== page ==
Scott polaroidMy husband should probably be named the Go Red for Women Spokeshusband for all time. He stole the show in the video, charmed and inspired at the luncheon, and wrote the second most-read post of all time on this blog when he told his story of the day of my heart attack. I asked him if he would write again this year, because he lives with this disease every day too, battling his own fears and heartache while trying to help me with mine. He is amazing, and I am the luckiest girl alive to be married to him.

To watch, helpless, your loved one to first battle the initial evidence of heart disease is terrifying. You are not sure if she will make it or not. What words would you say to her boys if she didn’t? What would your life be like without her? What would my boy’s life be like without her? These were just some of my thoughts while waiting for the doctor that night. Thankfully, I didn’t have to tackle these tough questions. She is alive and taking on her disease with immense courage each and every day.

To watch, helpless, your loved one battle the reality of her heart disease each and every day is frustrating, terrifying, and saddening. What words can I say to her to make it better? What words of hope can lift her spirits? One of the cruel realities of any major disease is the realization that it isn’t temporary. How many decades will she be taking multiple pills? How many more stents will she get in her lifetime? I hope and pray that she can feel some sort of reprieve from the disease, even if just for a few hours.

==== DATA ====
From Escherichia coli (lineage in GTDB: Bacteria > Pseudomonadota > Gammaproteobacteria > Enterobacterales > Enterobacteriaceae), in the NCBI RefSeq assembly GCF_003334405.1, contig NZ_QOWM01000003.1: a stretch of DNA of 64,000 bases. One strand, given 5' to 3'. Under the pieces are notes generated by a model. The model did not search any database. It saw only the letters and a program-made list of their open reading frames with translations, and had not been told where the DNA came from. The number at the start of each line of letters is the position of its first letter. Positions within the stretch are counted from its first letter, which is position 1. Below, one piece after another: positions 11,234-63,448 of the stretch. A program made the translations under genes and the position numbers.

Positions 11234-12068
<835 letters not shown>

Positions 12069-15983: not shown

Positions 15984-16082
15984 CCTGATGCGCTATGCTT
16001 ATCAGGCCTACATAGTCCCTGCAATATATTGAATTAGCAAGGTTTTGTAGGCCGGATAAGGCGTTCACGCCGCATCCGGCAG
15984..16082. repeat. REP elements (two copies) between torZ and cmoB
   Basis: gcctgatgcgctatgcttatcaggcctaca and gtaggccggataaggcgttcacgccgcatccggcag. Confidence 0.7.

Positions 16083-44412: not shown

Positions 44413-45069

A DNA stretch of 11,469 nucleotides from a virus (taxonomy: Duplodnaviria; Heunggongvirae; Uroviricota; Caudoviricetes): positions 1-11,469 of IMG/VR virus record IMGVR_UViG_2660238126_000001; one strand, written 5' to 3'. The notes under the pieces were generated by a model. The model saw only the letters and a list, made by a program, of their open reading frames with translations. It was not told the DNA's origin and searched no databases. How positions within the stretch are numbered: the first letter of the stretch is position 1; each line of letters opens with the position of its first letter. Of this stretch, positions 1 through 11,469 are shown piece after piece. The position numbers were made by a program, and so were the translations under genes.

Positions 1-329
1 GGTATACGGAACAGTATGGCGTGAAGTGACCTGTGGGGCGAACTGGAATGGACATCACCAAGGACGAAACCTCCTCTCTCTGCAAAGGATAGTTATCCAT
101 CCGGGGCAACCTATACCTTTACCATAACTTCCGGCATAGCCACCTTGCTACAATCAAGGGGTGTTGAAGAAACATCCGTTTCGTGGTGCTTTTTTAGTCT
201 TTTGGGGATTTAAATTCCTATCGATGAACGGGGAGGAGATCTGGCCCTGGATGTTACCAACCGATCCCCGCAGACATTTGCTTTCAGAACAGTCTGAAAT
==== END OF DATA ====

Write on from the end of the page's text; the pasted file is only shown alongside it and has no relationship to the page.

Scott and Jen Old PolaroidOne of the emotions that is very real for Jen is anger. Why is this happening to me? Why do I have trouble sleeping? Why does my chest hurt? As the spouse of the heart disease victim, I have some anger too. Why is this happening to her? Why does the disease need to mess with her head? Why doesn’t the pain stop from coming back? Why can’t they fix her?

When anger isn’t foremost, the most important emotions have been calm and hope. I might drive myself nuts if I try to fix her. I might have a panic attack if I focus on how young and unfair the onset of this disease is for Jen.

But what good would that do, besides feeding the raw insecurity and hopelessness that a spouse of someone sick feels?

So I try to be thankful for how young and strong she is. I feel hope for what medical advancements could be made. And I feel so grateful that my life’s partner is still by my side and here for her boys, today.

Today is the day to focus on.

 

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